Pronunciation & Listening are two backbones of any language & more so in French. Do you agree ?
Learning a language is not only about reading and writing, but also about listening and reproducing the sounds as accurately as possible while speaking. A correct pronunciation of the words is a key to be understood. Spelling is often misleading, especially when it comes to French!
Memorisation of the words by visualising the words and imitating the sounds is essential. Listening to an audio file while following along in the actual book contributes to gaining understanding and building general language confidence.
The National French Spell Bee competition format seeks to address this issue with many school students in India who even after having 2 to 3 years of French learning under their belt in their schools lacks listening & correct pronunciation skills.
There are pre-registrations specialised interactive workshops which focuses of the spoken & listening skills of the French vocabulary that are conducted by the National French Spell Bee team for the benefit of the students with schools who decide to go ahead & participate in the National French Spell Bee competition.
Here are 10 top pronunciation difficulties that an Indian student face while learning French:
Pronunciation Difficulty 1 – The French R
The French R has been the bane of French students since time immemorial. OK, maybe it’s not quite that bad, but the French R is pretty tricky for a lot of French students. The good news is that it is possible for a non-native speaker to learn how to pronounce it.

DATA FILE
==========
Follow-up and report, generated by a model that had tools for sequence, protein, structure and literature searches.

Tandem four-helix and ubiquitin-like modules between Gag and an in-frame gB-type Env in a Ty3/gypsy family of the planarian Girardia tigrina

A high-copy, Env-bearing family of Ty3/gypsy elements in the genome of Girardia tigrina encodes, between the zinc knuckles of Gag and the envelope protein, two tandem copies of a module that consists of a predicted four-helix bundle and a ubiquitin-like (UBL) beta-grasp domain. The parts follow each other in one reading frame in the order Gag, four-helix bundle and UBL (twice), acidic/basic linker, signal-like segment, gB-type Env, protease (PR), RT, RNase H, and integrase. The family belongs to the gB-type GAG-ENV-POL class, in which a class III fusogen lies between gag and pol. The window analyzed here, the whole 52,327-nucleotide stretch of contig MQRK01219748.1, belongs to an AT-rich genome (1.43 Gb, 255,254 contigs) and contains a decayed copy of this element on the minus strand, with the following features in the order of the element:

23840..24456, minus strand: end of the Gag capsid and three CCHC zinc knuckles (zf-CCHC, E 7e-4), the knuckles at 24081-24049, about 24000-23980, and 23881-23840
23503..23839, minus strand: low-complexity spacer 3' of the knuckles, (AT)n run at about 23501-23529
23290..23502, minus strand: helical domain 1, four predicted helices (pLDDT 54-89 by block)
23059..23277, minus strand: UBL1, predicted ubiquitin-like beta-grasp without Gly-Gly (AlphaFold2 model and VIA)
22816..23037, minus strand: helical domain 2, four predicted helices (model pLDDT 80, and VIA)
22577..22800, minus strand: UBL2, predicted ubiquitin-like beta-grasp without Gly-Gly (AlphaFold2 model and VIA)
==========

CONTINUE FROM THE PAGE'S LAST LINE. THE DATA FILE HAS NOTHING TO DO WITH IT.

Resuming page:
Pronunciation Difficulty 2 – The French U
The French U is another tricky sound, at least for English speakers, for two reasons: it’s hard to say and it’s sometimes difficult for untrained ears to distinguish it from the French OU. But with practice, you can definitely learn how to hear and say it.
Pronunciation Difficulty 3 – Nasal Vowels
Nasal vowels are the ones that make it sound like the speaker’s nose is stuffed up.In fact, nasal vowel sounds are created by pushing air through the nose and mouth, rather than just the mouth like you do for regular vowels. It’s not so difficult once you get the hang of it – listen, practice, and you will learn.
Pronunciation Difficulty 4 – Accents
French accents do more than just make words look foreign – they modify pronunciation and meaning too. Therefore, it’s extremely important to know which accents do what, as well as how to type them.
Pronunciation Difficulty 5 – Silent Letters
Many French letters are silent, and a lot of them are found at the end of words. However, not all final letters are silent. Confused? The National French Spell Bee team conducts specialised complimentary workshops to drive home this point with schools who participate in various editions of National French Spell Bee.
Pronunciation Difficulty 6 – H muet / aspiré